At the literacy seminar, there were a range of different people, about twenty of us, all there for different reasons and motivations. As I stood by the refreshment table, as I’m wont to do in a room full of people I don’t know, I hear someone say to me, in German with a confrontational tone, “So…I hear you speak… German.”
I had an awkward hunk of cantaloupe in my mouth so I just shrug and say, in English, “Well, yeah.”
He has that strange, old man, macho masculinity stance going on, head tilted slightly up in order to look down at me, feet spread wide. It was too early on a Saturday morning for this sort of thing. I rattled off in completely suave and fluent German, with him hesitatingly punching in sentences. When I noted that his German had a Bavarian accent, honest to goodness, he took a step back from me. I haven’t spoken German that well in a while and was later rather impressed with myself. I do attribute how well I did to the utter lack of esteem I held for someone who has to confront me about a language at 9 on a Saturday.
What I thought about while our teacher rambled off on how we should not use sarcasm with our tutees [No, really? Damn.], was how incredibly awesome it is to have that reach into different languages. If you know even just one more language, think how many more stories of life and love and emotion you can gather. It’s mind-boggling to me. Even if those things are universal, to feel the touches of culture, environment, and individuality on those universals shows you that everyone has a different path to own these experiences and can share them as long as there is that exchange of language.
Slightly demoralized because I don’t speak four languages (unlike the über-achiever above who spoke German, French, and Chinese), I realized that I was way ahead of the average game at any rate when I was trying to help my Spanish speaking partner to guess a word.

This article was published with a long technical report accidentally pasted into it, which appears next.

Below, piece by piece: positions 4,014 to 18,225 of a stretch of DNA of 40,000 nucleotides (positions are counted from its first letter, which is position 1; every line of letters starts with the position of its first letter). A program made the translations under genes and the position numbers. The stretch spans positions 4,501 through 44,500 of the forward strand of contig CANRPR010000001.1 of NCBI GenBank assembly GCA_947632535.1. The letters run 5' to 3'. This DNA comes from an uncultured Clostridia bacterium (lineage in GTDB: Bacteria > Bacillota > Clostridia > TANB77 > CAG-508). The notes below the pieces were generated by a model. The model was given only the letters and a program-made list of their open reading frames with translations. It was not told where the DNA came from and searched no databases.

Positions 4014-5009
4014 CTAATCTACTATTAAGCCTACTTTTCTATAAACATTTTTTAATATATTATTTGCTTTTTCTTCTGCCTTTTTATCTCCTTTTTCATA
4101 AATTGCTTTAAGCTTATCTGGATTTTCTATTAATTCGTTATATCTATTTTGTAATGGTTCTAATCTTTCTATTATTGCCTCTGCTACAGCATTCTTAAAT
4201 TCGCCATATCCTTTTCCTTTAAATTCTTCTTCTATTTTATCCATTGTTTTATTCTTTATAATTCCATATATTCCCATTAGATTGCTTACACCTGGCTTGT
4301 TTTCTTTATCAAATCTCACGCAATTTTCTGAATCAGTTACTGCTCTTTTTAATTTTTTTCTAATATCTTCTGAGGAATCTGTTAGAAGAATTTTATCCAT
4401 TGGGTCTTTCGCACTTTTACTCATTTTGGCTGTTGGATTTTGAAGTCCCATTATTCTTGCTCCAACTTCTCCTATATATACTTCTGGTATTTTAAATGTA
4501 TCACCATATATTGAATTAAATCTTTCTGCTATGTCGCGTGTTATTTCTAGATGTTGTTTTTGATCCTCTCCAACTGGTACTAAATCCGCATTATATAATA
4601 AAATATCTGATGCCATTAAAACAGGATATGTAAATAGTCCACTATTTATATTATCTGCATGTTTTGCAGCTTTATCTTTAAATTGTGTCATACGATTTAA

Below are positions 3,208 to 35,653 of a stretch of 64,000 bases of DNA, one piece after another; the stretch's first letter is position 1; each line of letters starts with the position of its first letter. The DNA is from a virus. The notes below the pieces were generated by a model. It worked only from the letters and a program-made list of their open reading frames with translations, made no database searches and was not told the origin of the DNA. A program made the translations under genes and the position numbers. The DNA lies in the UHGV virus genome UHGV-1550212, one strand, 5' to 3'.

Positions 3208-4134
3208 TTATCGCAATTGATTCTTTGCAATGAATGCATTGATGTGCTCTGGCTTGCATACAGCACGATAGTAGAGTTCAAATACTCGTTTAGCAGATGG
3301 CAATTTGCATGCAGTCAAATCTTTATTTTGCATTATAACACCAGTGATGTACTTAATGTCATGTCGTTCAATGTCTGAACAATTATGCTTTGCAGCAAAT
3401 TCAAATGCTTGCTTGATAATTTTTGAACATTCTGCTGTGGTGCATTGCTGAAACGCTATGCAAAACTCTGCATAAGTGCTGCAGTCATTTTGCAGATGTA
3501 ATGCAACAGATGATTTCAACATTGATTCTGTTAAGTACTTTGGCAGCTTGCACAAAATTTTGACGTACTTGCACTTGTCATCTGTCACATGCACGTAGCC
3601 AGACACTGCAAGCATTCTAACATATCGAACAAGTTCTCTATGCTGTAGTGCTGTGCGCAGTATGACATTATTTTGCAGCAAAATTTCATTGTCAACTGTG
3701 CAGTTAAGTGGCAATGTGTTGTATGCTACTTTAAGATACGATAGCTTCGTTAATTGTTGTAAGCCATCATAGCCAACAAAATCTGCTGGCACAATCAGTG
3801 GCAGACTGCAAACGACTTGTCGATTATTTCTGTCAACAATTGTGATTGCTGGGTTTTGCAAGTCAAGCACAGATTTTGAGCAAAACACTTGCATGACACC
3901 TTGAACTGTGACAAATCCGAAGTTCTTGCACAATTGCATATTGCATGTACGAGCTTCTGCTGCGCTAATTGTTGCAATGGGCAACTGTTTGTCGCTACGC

“Here, I have an idea,” I say. “The trees are not ‘feo’. So what are they?” She blinks, and bursts out laughing, “Feo! So they’re ‘beautiful’.” She high fives me, “That was so cute!”
Okay, so I have a really bad Spanish accent. I learned my Spanish from a short, squat, blond-haired, blue-eyed Home Ec teacher from Dallas at a military base high school. There were only five students in the class and one was one of my best friends. We sat in the huge Home Ec room, with the ovens in the back and the sewing machines, that were my 14 year-old collective nemesis, were dark and covered and lined the walls.
The five of us students were at two tables, separated by the usual high school caste system. Somehow, while we never got terribly chummy, those lines faded away when we stuffed ourselves with ice cream sandwiches – Home Ec room perks. I’m not sure I learned very much, but unlike now, I didn’t really care.
One day, those “popular” girls were whispering about their naughtier and probably untrue exploits, when my best friend caught a phrase that drifted over.
“What’s a ‘blow job’?” She turned to me. I said nothing. I may or may not have known, I don’t remember, but even if I had known, volunteering that sort of information would not have been the best thing to do at the time.
Unfortunately: “WHAT DID YOU SAY?” yelped our teacher. The fridges hummed in the back and everyone was silent. A rash of red already crept into my friends face, “I, well, I asked what a blo-”
“INTO THE HALLWAY.” Then she refined herself into a gentile Southern dame, “It’s not that you’re in trouble darlin’, it’s just it’s not proper to talk about this sort of thang in front of everyone.” My best friend walked out like she was going to be drawn and quartered. The rest of the class sat silent, on one hand in shock, on the other – what was being said out there?
The door clicked open and I have, to this day, never seen any two people match that deep hue of red. …Though, in hindsight, who better to give her an explanation for that then a Home Ec teacher?